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Am J Health Promot. 2004 Mar-Apr;18(4):292-5.

Efficacy of a video for teaching patients about prostate cancer screening and treatment.

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  • 1Bradley University, Department of Nursing, Burgess Hall 213, Peoria, IL 61625, USA.



To test the effectiveness of a video to teach patients about prostate cancer screening and treatment in a clinic setting.


A staged, two-group, pretest-posttest quasi-experimental design was used. Questionnaires were completed before and after a routine doctor's appointment in a Veteran's Administration clinic. The experimental group (n = 52) viewed the video, and the control group (n = 52) received usual care only. The two groups were similar in age, education, race, and quality of life.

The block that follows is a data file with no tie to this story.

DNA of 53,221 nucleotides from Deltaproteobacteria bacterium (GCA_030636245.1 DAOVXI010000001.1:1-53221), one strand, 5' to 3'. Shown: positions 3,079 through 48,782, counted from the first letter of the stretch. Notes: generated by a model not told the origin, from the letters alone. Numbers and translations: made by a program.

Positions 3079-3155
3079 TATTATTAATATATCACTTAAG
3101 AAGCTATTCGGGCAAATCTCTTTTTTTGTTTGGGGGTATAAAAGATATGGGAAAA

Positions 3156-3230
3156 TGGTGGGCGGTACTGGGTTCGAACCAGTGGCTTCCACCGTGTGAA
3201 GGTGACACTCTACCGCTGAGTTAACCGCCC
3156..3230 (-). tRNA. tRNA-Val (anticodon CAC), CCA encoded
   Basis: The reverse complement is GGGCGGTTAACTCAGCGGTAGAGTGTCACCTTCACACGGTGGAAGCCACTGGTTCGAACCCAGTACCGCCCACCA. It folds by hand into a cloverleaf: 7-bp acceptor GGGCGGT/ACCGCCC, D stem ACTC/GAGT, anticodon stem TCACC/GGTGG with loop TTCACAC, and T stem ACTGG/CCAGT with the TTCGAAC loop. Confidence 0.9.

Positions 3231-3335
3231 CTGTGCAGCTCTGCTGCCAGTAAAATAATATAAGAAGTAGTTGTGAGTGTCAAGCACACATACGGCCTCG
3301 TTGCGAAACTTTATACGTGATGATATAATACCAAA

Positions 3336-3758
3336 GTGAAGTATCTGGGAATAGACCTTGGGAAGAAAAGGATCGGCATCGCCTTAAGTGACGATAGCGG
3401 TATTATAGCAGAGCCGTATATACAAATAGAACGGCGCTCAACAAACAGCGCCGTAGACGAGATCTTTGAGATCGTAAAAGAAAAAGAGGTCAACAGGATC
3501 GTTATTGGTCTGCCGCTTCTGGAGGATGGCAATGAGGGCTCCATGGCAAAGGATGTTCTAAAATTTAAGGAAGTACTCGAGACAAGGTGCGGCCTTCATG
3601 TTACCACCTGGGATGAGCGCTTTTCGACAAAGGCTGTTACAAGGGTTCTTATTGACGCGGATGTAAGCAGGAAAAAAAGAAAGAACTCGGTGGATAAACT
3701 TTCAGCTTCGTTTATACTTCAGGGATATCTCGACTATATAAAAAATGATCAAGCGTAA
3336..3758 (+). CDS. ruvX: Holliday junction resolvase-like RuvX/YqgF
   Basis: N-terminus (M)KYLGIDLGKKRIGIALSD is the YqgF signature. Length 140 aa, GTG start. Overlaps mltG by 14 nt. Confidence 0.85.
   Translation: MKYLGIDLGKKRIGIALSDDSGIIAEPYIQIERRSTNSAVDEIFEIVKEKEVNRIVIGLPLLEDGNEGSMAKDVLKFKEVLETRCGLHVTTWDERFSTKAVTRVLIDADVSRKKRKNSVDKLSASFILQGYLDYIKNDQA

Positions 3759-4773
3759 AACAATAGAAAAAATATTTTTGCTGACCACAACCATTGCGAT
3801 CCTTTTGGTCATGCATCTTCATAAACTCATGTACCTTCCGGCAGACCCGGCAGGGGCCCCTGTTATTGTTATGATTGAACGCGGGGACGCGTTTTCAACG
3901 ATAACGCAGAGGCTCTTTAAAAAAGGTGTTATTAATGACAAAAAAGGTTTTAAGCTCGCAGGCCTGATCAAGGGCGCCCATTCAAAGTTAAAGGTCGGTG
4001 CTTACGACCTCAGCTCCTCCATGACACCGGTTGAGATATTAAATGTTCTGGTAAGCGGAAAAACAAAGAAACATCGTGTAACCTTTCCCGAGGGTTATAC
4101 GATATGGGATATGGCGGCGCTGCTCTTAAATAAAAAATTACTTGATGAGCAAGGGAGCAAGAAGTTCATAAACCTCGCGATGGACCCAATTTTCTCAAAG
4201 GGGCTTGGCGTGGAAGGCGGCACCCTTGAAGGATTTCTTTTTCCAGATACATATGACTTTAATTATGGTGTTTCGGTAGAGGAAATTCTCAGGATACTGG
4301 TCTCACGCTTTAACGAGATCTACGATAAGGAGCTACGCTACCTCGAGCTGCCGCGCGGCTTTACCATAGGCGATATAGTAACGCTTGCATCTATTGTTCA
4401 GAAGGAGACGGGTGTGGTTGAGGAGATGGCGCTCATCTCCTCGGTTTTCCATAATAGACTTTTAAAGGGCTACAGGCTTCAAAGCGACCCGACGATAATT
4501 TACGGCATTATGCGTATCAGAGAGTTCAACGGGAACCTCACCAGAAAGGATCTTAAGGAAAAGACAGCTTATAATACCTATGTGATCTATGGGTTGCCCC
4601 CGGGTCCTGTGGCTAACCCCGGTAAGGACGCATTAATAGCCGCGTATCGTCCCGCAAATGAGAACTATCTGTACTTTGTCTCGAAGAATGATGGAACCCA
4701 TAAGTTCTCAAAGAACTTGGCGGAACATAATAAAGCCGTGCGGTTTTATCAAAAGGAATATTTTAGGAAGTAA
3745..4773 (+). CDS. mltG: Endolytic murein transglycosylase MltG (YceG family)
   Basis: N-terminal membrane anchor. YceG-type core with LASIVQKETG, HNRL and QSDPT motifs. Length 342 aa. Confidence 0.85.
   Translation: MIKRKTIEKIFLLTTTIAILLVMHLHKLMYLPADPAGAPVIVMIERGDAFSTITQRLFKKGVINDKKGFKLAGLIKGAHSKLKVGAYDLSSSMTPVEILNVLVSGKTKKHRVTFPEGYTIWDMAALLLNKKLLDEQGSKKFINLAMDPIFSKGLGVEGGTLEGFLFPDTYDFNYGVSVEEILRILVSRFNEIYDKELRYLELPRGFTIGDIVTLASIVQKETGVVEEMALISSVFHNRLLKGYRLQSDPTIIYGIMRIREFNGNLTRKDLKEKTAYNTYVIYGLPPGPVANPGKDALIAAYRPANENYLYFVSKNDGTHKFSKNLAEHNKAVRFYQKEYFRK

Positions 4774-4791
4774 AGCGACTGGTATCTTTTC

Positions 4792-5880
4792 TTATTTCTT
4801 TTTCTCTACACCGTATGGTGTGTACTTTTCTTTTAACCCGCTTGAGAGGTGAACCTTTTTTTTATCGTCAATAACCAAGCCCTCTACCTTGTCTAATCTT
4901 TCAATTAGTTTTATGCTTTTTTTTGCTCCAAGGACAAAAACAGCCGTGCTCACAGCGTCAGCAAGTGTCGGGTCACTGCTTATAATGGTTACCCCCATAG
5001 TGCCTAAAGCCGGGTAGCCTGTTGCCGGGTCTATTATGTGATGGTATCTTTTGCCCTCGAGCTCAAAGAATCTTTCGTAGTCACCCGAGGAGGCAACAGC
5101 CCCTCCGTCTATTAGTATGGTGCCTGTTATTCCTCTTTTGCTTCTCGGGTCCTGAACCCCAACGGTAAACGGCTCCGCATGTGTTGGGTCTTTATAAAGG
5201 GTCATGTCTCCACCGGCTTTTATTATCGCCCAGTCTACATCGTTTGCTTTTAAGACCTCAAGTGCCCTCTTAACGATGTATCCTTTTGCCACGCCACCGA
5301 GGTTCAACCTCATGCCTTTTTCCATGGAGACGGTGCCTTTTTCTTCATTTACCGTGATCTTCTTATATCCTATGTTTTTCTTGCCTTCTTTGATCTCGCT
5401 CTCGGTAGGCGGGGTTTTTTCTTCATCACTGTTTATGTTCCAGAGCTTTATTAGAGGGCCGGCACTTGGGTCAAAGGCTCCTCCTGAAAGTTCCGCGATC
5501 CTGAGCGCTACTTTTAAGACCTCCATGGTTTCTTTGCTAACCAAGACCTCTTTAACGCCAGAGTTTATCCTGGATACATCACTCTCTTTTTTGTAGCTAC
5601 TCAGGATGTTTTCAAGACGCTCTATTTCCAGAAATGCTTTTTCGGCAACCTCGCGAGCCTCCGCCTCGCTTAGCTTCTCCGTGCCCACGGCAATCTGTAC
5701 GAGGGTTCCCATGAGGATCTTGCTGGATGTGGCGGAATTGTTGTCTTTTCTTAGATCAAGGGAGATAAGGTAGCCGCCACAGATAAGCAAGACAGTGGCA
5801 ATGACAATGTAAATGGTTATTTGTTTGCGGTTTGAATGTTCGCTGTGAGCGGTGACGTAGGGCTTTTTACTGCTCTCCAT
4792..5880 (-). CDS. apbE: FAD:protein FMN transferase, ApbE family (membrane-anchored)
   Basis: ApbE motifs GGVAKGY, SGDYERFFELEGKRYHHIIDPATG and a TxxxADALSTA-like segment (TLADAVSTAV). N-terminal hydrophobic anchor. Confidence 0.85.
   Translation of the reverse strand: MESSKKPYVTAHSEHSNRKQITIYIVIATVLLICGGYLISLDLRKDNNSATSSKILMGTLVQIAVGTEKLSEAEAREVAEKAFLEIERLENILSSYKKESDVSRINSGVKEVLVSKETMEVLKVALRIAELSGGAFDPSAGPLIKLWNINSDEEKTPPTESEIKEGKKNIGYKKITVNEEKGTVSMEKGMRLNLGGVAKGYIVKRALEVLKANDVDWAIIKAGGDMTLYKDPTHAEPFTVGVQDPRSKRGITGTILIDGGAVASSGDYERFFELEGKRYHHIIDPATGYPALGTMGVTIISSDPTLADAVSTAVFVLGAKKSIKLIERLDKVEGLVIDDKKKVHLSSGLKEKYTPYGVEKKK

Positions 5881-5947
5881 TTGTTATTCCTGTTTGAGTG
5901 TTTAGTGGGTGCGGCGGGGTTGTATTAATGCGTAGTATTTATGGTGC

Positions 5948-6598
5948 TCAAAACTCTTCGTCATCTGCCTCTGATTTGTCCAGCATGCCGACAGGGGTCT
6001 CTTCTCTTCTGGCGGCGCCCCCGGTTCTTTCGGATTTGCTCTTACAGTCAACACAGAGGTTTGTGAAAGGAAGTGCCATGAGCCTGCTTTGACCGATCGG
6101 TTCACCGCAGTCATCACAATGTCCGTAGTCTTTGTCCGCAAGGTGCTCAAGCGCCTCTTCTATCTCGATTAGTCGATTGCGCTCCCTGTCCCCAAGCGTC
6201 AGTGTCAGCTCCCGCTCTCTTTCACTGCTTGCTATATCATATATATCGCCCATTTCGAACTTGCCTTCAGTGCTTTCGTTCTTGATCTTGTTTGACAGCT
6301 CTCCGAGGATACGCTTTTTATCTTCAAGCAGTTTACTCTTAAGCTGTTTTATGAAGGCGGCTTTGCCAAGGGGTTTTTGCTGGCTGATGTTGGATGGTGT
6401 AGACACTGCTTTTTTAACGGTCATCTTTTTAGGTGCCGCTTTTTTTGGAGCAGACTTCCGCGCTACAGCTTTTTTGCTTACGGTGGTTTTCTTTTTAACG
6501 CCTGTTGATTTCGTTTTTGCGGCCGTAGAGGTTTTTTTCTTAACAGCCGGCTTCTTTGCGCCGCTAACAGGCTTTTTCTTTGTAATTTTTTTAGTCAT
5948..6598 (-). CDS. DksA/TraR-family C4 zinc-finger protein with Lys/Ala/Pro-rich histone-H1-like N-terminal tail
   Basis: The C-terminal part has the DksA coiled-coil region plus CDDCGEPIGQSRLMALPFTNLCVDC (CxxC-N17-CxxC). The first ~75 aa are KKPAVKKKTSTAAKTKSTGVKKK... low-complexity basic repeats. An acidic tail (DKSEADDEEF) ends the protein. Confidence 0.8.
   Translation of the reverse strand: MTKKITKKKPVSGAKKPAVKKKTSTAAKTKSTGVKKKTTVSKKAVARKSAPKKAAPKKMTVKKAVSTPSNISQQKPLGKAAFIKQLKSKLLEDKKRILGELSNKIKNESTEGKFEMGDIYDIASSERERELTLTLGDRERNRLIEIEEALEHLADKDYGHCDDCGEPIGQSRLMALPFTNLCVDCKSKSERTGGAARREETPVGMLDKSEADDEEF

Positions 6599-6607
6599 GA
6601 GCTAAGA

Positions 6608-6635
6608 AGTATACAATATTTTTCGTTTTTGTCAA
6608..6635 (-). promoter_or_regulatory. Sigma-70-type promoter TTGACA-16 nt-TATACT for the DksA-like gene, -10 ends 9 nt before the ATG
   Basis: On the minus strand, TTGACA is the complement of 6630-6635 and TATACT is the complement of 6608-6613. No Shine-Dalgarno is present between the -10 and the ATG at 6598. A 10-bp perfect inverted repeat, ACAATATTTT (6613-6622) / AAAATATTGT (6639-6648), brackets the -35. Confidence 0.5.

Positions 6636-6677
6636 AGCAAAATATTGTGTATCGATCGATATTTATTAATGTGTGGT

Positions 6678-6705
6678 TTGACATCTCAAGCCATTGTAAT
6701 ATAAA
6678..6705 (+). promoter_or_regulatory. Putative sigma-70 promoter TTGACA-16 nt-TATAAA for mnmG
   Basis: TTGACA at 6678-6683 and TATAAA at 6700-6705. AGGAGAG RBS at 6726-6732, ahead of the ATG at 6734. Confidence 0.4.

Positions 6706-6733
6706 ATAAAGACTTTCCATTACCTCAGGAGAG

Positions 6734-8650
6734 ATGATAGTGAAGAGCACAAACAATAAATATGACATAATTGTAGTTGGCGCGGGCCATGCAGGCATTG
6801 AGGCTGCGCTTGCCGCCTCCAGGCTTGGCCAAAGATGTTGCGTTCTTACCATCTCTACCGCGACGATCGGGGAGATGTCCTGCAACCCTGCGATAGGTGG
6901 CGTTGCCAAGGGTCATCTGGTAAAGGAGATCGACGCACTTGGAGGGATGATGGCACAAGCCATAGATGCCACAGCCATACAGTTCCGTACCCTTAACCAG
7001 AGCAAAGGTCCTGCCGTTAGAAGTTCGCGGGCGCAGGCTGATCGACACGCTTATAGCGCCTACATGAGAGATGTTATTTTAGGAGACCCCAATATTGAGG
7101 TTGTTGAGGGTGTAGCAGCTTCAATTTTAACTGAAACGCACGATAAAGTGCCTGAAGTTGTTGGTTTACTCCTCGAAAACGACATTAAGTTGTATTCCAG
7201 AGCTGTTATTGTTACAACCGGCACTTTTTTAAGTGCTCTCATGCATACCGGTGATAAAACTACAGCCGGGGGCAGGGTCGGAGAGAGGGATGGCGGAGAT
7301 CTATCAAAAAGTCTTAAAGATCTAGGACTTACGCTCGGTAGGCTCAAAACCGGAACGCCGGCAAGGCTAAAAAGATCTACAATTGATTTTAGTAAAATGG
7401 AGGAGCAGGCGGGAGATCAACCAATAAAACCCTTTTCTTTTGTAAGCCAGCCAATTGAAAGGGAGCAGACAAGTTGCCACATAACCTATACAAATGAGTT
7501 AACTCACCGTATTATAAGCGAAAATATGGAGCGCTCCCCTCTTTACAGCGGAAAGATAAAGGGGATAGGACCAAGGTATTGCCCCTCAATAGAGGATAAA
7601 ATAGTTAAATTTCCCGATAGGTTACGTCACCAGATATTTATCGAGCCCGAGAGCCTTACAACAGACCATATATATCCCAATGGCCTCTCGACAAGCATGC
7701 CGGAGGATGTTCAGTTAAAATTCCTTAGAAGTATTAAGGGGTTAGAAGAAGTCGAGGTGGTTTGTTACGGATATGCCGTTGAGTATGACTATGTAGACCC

Knowledge increased significantly from pretest to posttest for the experimental group, but not for the control group (p < .001). More patients in the experimental group changed their preference for prostate-specific antigen (PSA) screening (31% experimental vs. 2% control, p = .002), indicating the patients were impacted by the information presented. Viewing the video did not stimulate increased discussion with the physician or lengthen appointment time.


The video was effective in improving knowledge about a complex topic and changing some patients' preference for PSA testing without frightening or confusing patients.

[PubMed - indexed for MEDLINE]
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